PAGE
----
I am grateful for the ability to take out loans for school and for the many options I had for furthering my education.
Since election season began, there have been no shortage of news segments on television and articles to come out discussing the strengths and weaknesses of candidates. We come on Facebook and share our opinions freely about who we support and why and are either met with a chorus of approval at best, or vehement disapproval from family and friends who think differently, at worst. Read, post, comment, like, repeat. We exhaust ourselves on social media critiquing every little aspect of the race. We protest on the streets afterward to express our rage at the coming normalization of hate and legislating of injustice. We make signs, we march, and we lift our voices in opposition.
My third year in China I taught English. Once, my class was talking about heroes and I asked students to chose theirs. In all of my classes overwhelmingly the answer was Mao. I had one student email me after class saying that he disagreed but dare not voice it in class for fear of retaliation and being a dissenting opinion. He couldn’t believe so many of his classmates praised Mao and said that he was both saddened and angry at their, from his perspective, having been duped by the government and education system to not know better. On another occasion, I had my class cancelled so my students could go vote. The school got busses and made every single student go vote for their first time. In their instructions about how to vote they were told which button to press and, knowing nothing about either candidate, went in and did as they were instructed.
I am grateful for freedom of press, free speech, and a culture where the merits of leaders can be discussed and debated openly. And democracy. I’m so grateful for democracy.
The other day, I needed to get home from the grocery store with a bunch of bags. As I stood on the corner of the street, I debated my options. I could take the bus, the streetcar or call an uber. Walking was out of the question because of how many bags I had. The streetcar is free, few people ride it so I’d have space for my bags, and it dropped me off two blocks from my house.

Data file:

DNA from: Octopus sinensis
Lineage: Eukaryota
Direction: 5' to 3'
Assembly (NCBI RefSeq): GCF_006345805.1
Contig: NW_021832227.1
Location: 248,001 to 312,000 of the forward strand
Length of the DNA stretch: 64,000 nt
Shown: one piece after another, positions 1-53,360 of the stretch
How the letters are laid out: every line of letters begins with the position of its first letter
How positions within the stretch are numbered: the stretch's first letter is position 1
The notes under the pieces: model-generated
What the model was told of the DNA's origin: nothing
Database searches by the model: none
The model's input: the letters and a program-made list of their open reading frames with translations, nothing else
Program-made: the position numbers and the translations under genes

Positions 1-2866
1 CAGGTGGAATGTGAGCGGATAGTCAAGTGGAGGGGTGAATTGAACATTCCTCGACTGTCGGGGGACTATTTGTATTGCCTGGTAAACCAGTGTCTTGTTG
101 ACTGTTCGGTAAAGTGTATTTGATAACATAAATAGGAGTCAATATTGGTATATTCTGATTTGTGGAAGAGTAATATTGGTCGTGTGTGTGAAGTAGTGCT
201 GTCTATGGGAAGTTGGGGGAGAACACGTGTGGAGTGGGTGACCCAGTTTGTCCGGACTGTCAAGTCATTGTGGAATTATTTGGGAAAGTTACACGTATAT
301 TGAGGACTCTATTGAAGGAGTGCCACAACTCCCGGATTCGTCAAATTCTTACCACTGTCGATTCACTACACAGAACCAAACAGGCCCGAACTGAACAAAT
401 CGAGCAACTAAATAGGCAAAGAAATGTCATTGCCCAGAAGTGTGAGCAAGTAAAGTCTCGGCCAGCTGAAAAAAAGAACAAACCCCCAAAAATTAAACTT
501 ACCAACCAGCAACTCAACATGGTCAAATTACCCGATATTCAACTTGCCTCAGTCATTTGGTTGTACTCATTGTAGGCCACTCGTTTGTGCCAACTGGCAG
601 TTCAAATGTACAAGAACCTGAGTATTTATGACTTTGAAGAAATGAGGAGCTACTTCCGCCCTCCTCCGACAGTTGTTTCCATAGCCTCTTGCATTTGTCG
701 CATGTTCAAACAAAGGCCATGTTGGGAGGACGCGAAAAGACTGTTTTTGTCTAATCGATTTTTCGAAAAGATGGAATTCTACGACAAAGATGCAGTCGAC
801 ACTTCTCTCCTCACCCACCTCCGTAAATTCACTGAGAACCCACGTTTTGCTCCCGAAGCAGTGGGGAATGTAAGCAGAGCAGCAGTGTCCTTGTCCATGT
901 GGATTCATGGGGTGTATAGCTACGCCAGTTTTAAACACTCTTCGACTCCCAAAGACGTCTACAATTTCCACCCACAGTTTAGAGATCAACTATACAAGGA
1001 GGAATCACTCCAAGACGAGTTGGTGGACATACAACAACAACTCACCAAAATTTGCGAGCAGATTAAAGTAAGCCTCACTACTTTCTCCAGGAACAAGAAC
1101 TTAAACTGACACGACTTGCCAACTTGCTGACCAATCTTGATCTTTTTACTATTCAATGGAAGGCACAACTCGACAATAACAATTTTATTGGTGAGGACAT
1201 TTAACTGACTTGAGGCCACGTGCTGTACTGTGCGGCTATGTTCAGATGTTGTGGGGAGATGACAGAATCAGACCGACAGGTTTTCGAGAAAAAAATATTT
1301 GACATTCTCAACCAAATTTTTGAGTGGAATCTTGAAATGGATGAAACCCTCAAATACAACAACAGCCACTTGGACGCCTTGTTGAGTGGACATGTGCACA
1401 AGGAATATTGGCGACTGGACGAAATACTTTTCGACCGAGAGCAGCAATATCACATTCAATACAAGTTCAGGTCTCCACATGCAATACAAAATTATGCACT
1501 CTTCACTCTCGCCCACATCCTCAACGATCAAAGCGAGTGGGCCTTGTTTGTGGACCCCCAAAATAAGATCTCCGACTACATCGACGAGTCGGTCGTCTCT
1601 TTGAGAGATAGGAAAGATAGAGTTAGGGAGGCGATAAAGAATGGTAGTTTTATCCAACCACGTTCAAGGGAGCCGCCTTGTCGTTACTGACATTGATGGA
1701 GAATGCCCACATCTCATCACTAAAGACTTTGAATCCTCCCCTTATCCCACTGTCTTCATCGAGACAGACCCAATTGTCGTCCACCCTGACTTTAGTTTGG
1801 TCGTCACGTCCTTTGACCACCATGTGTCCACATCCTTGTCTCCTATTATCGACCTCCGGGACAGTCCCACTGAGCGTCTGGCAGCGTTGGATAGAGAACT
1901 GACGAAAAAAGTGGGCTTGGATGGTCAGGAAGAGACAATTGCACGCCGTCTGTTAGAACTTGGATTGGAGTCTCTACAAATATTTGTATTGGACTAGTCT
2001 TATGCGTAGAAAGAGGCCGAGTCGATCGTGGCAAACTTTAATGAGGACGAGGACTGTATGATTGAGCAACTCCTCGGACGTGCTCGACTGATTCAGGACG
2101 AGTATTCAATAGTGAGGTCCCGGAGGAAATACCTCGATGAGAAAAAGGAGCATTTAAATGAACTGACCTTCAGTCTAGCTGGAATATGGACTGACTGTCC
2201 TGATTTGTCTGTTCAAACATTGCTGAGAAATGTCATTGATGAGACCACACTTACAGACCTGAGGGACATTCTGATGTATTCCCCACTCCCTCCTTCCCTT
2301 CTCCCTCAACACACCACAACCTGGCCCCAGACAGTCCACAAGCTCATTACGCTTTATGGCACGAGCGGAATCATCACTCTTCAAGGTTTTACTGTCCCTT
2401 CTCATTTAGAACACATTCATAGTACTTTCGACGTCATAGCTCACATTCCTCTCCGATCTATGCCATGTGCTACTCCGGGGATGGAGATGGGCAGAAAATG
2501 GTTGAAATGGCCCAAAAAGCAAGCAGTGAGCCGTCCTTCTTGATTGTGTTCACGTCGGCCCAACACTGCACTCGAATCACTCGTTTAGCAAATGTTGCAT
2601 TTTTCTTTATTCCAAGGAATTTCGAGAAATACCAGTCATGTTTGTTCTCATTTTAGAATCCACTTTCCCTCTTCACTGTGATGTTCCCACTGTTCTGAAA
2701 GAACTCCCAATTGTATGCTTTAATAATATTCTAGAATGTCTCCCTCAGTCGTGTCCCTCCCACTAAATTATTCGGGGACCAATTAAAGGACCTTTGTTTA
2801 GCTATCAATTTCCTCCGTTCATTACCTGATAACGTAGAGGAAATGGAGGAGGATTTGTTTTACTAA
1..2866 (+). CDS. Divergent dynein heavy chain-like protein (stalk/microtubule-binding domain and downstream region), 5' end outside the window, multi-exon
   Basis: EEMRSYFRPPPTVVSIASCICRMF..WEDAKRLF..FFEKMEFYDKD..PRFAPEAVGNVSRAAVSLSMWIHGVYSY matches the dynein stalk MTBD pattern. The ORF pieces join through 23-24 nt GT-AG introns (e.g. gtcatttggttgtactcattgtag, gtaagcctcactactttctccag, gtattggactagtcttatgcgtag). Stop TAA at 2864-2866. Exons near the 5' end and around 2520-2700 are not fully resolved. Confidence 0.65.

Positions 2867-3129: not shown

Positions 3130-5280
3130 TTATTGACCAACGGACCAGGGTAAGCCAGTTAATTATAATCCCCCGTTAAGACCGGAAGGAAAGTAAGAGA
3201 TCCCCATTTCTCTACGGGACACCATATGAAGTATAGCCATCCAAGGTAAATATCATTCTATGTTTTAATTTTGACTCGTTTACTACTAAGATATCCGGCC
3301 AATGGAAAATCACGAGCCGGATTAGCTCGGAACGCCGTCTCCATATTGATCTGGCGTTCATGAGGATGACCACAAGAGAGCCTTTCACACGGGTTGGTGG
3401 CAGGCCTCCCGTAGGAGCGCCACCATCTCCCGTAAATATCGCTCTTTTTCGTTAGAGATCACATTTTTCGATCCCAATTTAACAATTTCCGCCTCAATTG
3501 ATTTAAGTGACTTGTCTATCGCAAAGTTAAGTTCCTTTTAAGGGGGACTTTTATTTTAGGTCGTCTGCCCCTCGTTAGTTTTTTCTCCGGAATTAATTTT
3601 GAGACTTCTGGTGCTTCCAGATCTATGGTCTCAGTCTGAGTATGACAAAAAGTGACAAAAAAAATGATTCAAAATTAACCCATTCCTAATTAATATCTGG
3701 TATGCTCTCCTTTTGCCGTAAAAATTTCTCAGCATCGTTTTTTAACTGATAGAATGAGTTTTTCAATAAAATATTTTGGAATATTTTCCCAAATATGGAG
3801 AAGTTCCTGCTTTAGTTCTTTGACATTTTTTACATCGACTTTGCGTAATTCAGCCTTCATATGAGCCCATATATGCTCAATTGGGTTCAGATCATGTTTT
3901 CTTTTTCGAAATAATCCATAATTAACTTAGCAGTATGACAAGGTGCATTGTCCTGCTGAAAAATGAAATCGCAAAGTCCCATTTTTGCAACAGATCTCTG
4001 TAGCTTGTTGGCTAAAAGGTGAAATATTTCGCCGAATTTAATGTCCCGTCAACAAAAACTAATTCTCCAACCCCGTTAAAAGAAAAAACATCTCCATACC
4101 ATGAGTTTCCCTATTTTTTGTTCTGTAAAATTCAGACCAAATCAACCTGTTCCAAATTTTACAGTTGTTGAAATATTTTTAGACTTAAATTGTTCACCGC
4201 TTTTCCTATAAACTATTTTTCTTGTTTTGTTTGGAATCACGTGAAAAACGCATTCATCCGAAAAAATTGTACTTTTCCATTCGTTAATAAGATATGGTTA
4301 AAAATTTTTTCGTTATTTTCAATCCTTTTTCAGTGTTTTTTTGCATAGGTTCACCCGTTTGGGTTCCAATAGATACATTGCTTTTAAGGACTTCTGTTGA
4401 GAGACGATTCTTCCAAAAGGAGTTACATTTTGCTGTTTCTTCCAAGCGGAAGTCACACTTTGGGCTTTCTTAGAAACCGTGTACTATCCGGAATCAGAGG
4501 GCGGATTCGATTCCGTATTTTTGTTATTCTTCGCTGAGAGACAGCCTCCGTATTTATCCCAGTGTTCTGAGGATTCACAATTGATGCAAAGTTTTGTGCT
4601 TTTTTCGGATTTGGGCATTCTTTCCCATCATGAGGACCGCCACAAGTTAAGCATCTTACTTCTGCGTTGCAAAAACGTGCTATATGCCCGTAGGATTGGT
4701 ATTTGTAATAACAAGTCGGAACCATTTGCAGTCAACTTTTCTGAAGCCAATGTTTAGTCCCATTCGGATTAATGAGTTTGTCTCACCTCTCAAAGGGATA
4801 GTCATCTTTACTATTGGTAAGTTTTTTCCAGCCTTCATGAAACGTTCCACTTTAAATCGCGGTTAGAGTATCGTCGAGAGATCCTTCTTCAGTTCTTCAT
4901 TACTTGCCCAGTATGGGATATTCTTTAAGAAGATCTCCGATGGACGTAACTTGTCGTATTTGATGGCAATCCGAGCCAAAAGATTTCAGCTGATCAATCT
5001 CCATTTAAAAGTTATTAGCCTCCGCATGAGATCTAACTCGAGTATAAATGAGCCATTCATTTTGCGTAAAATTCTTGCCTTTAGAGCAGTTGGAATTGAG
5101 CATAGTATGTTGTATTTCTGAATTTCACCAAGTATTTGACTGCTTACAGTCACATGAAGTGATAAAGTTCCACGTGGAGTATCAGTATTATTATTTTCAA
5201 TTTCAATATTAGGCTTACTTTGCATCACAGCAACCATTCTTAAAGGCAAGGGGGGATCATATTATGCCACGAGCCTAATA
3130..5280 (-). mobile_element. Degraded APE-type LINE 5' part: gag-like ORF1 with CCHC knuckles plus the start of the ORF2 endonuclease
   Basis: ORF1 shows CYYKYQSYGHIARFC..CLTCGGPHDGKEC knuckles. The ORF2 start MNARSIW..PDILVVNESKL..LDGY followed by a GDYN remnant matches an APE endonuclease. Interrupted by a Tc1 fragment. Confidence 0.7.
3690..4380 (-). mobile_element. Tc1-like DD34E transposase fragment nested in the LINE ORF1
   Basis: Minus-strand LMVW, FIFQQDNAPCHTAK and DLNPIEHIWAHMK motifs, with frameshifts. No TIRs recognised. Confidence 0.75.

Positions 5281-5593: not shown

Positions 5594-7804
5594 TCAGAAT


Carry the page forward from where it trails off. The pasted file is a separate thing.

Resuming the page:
When I lived in Laos a friend invited me to a new year celebration in his village. I had to take a taxi to the river, catch a longtail boat across the Mekong, walk up a slight hill and catch a truck to his village. There was no schedule for the truck, it parked on the side of the street and left when it was full which, depending on the time you arrived, could mean a five minute wait or an hour and a half wait. Mine was the latter. After an hour and some change I finally ditched the truck and set out on foot.
As bad as the metro is, I am grateful for a diversity of transportation options.
Yesterday, I took a test that included a section on English proficiency and there were detailed questions about grammar. I sat reading over the sentences deciding where the semicolons and commas should go, thinking about the difference between subject and object pronouns, and subject verb agreement.